I was reading Dan McKinley’s excellent blog post about the lack of a reverse gear in your Internet deployment dumptruck, and he makes some great points about limiting the unexpected impact of changes. Deployment systems are an area that I’ve always been adjacent to but never had a chance to dig into deeply, so I wanted to put some thoughts to paper in hopes of clarifying them. It seems like there a couple of key choices here that determine what your production infrastructure looks like, all focused on balancing convenience in the common case with intentionality and ease-of-debugging in the abnormal case.
Choice 1: Does the change in application behavior happen when you physically deploy a commit or when you update a feature flag?
This is essentially a choice of whether to make the change in behavior implicit in which commit of your application the load balancer sends a request to or whether to make the change in behavior explicit in the code path a request follows in your application. Dan’s post makes a compelling argument that due to shared state (e.g. in databases and caches), the application developer often needs to reason about the interaction of these changes with shared state. Application developers are used to reasoning about interactions between code paths but not about interactions between different revisions of code in a repository. So gating behavior via code paths (i.e. feature flagging) lets them employ that experience to reason about code versions.
Additional benefits include:
- Feature flags are independent (i.e. you can deploy a revision with changes to feature flag A, B, and C and enable A and C but not B), decreasing the need for a global deploy lock or Git hijinks to isolate changes under deployment.
- They are also easier to test since test frameworks can easily enable/disable feature flags as part of tests.
- Also, it’s much easier to create a system that quickly enables/disables feature flags than it is to quickly deploy new repository revisions, although some blue/green deploy systems come close.
Downsides of feature flagging include:
- Feature flag driven deployment requires the additional changes to the code, as well as maintaining or removing the flag code after the feature has matured.
- It also requires an investment in tooling. You need a mechanism to manage feature flags outside of your existing physical deployment infrastructure.
- You also need tooling to debug issues associated with a particular feature flag (e.g. at the very least you need to tie a request back to its feature flag set for debugging).
To some extent this is mitigated by a smaller set of tooling needs around physical deployments, but unless application developers are fanatically committed to feature flagging all changes (probably past the reasonable cost/benefit tradeoff area of the spectrum), there are still going to be places where the physical deployment matters as well.
Choice 2: What invariants do you establish about the ways in which code can be deployed?
Even with explicit feature flagging, there are still lots of ways that different code paths can interact unexpectedly.
- A database can have an invalid value due to a historically loose validation logic in the non-feature-flagged code path or an old code path that no longer exists. (forward compatibility)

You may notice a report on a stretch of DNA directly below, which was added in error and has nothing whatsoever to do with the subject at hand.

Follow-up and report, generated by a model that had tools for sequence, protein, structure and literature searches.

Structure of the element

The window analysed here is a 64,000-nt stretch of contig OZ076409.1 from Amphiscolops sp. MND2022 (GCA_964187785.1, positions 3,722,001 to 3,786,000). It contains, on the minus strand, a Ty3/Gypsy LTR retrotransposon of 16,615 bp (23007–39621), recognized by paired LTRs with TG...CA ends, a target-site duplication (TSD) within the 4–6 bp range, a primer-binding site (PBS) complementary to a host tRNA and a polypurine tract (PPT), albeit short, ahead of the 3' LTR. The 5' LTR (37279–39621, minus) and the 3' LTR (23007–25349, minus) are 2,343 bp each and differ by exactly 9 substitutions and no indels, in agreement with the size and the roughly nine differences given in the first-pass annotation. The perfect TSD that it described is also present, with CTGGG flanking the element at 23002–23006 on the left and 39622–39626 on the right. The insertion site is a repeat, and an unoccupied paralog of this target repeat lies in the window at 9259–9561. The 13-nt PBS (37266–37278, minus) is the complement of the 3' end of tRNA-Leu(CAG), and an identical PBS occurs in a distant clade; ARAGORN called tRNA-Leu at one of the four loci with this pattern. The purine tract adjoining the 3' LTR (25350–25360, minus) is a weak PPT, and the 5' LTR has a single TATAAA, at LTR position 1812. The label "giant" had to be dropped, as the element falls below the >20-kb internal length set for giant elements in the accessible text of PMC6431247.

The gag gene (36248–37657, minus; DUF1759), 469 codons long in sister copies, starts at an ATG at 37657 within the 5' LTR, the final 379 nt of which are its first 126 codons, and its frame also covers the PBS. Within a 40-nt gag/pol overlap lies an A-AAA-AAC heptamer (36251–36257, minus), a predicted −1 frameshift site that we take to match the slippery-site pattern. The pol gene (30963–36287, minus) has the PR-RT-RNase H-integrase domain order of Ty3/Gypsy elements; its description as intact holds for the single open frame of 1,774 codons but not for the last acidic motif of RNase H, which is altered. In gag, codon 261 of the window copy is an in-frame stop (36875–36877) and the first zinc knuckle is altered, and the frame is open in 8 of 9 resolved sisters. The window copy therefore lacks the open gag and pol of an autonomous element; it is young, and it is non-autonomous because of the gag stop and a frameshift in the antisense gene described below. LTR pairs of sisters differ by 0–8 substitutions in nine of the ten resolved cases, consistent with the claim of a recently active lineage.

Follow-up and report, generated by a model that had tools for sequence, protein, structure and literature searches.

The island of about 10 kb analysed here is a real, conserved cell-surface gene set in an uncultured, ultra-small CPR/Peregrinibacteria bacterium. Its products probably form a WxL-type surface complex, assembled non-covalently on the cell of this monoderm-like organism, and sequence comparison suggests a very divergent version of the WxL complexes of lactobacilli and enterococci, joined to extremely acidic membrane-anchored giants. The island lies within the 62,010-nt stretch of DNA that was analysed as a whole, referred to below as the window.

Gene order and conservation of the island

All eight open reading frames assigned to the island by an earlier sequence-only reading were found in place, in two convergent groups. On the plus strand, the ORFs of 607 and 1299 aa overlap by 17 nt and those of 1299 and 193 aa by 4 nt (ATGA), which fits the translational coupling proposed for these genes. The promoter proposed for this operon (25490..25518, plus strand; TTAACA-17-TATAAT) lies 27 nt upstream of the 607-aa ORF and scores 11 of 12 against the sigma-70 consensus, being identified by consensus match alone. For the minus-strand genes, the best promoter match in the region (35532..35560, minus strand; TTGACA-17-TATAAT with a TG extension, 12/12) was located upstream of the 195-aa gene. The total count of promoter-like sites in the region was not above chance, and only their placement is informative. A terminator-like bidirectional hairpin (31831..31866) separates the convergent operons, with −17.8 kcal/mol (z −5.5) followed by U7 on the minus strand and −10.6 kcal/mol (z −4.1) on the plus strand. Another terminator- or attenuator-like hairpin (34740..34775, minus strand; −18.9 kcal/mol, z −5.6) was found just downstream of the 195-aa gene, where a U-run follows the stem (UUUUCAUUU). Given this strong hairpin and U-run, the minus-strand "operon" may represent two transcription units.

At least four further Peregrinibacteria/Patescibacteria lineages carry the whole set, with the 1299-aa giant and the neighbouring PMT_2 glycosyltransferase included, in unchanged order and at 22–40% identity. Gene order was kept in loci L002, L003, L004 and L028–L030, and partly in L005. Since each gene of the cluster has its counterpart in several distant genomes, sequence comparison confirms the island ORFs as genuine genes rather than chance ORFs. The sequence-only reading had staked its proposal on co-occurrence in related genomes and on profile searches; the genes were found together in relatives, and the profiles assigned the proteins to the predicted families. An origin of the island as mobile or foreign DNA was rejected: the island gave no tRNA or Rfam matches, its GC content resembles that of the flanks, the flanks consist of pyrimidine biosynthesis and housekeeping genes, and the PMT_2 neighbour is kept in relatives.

- A database can have a new value in a feature flagged code path that a particular non-feature flagged code path doesn’t handle properly. (backward compatibility)
- A quick fix (e.g. fix.py in Dan’s example) could have not been replicated to the old feature flag path. (code skew)
- A user can get into a bad state due to a feature flagged path that isn’t resolved by turning off the feature. This is the feature flag version of Dan’s blog post example. (mangled state)
Like concurrency generally, a helpful way you can attack this is by declaring invariants and trying to enforce them, either technically or organizationally. Some invariants that I’ve found useful or interesting in the past:
Sticky feature flags: We turn feature flags on and off for a particular user rather than a particular request. This decreases the number of times the old code path interacts with the new one.
One-way sticky feature flags: A particular user can only become more featureful (i.e. you don’t turn feature flags off for a given user once they’re on). This removes the common case of backward compatibility issues and requires that application developers fix forward mangled state problems.
Feature flag testing regime: I’ve seen both randomized enabling/disabling of feature flags and deployment regimes that require test coverage under both branches of the feature flag before deployment. I tend to be more excited about the latter since one of the main points of feature flagging is to force developers to think about interactions.
Distinguish between feature flags and larger functionality flags/off switches: Dan’s post calls switches that disable whole portions of functionality “off switches”. It’s useful to distinguish between feature flags that gate a new deployment change and off switches or functionality flags that turn off large but non-essential portions of the app. It’s easier to reason and test the latter over time, and can be safer as a roll-back option.
I’m curious to know what other deployment challenges folks have encountered, invariants folks have found helpful in reasoning about deploys, or other ways of thinking about these problems that have proven useful.